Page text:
After the hype, time for a reality check
Even in this season of Test cricket, the T20 bug refuses to leave us. The BCCI, in an extraordinary diktat, has told its players that they cannot play for any English county which has an ICL player in it. Read more on this column by Pradeep Magazine.india Updated: Jul 20, 2008 02:24 IST
Even in this season of Test cricket, the T20 bug refuses to leave us. The BCCI, in an extraordinary diktat, has told its players that they cannot play for any English county which has an ICL player in it.
Though an official said this was not an “order” but “advice”, given the draconian nature of our board does anyone believe that a player will have the courage to go against his master’s wishes?
Anil Kumble told the media in Sri Lanka that he, and most of his players, consider Test cricket to be the ultimate and even went to the extent of saying that the IPL’s resounding success had a lot to do with the frenzy generated by the media. Will those who now swear by the IPL, and don’t care if any other format of the game survives, agree?
Back home, our “best-loved commentators” and voices who are on the payrolls of either the IPL or the franchises, are not stopping in praising this revolution and the economic benefits it has provided, and will provide, players in the future. They’re giving us sermons on the wonder that is T20 and it would appear that anyone who does not agree with them would be told to shut up.
Almost every country wants a league of its own, be it England or even Pakistan. England is embracing this form of cricket with as much vigour as India. If they, too, get wealthy sponsors and franchises, we can see more money and ego clashes taking place.
There is a multi-billionaire called Allen Stanford in the field and we’re wondering why he isn’t joining hands with the ICL so that the money pot in world cricket gets shaken up a bit more.
But is there enough space for different countries having their own leagues, like in football? The pool of international players in cricket is very limited and it won’t be humanly possible for the Dhonis of this world to be playing for two to three teams at the same time.
So the good news for the players is that their bidding powers could increase manifold and when the richer get richer, we’re told, it has a trickle-down effect and even the poor benefit, like they did in IPL.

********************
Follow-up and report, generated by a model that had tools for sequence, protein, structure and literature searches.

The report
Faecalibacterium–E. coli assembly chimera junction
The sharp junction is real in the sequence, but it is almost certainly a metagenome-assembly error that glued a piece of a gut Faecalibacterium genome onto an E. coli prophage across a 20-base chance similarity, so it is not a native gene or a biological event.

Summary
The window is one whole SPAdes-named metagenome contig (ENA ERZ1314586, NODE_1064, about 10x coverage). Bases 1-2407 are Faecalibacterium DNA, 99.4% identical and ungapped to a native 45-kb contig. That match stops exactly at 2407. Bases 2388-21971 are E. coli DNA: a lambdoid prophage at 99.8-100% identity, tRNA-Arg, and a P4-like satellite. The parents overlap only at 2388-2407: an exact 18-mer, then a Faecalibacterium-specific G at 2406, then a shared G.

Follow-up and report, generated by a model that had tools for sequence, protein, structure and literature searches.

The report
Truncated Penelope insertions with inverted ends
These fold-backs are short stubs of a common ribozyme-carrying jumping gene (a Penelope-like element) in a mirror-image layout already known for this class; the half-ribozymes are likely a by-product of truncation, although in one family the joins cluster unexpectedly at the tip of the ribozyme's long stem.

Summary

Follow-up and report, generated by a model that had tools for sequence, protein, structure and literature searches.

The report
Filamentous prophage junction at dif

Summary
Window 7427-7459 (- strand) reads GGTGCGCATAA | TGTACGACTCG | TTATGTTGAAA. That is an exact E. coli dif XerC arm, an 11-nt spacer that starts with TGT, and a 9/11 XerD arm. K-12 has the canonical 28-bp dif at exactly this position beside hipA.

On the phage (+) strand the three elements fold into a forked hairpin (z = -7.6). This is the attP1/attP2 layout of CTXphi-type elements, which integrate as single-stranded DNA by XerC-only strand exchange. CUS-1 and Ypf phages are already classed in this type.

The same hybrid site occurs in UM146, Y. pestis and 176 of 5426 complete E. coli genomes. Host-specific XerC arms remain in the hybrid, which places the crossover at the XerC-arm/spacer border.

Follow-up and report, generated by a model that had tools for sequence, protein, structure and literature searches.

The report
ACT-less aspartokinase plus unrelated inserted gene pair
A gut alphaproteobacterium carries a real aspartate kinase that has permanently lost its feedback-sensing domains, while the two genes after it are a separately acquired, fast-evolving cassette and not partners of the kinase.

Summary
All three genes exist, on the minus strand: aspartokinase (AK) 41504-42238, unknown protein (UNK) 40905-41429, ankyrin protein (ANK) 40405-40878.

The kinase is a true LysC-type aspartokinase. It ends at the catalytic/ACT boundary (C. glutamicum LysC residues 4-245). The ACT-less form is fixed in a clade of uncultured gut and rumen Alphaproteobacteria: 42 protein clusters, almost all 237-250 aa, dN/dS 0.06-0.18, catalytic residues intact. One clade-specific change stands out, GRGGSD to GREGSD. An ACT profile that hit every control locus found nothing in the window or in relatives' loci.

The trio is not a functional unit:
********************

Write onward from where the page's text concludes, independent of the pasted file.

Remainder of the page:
Strangely enough, the IPL may have been great for the players, the board, the media and the public, but it was not a success for the franchises. Post-IPL, I have hardly seen any report in the media trying to evaluate the financial details of the event, though when the tournament was on we were being told that money was pouring in for everyone associated with it.
If you talk to the franchises or their representatives, you will be told that, on an average, each team lost around Rs 20-30 crores. What is interesting is that before the tournament began it was believed that it would take around three years to break even.
Despite the “resounding” success in the first year itself, the money returns were low. Now the estimates have been revised and it is being felt that it will take around five years to break even.
If one goes by a media report in a leading English paper, the TRP rating of the final was 7.7 and of the semi-finals between 4 and 5. This was a rating that even the Asia Cup, which followed the IPL, achieved despite the media and public fatigue!
Just to remind the readers that the recent India-Australia Test series had a TRP rating of more than 8 and a high-profile one-day match often gets a rating of more than 9.
Kumble may not have been far off the mark when he said the IPL was helped a great deal by the media frenzy and he has sought the same kind of support for the Test series in Lanka. That support he and his team will get, but the cricket will have to be of high quality and the contest close. Not like the England-South Africa Test at Lord’s that would have put even a mad, passionate lover of the game to sleep.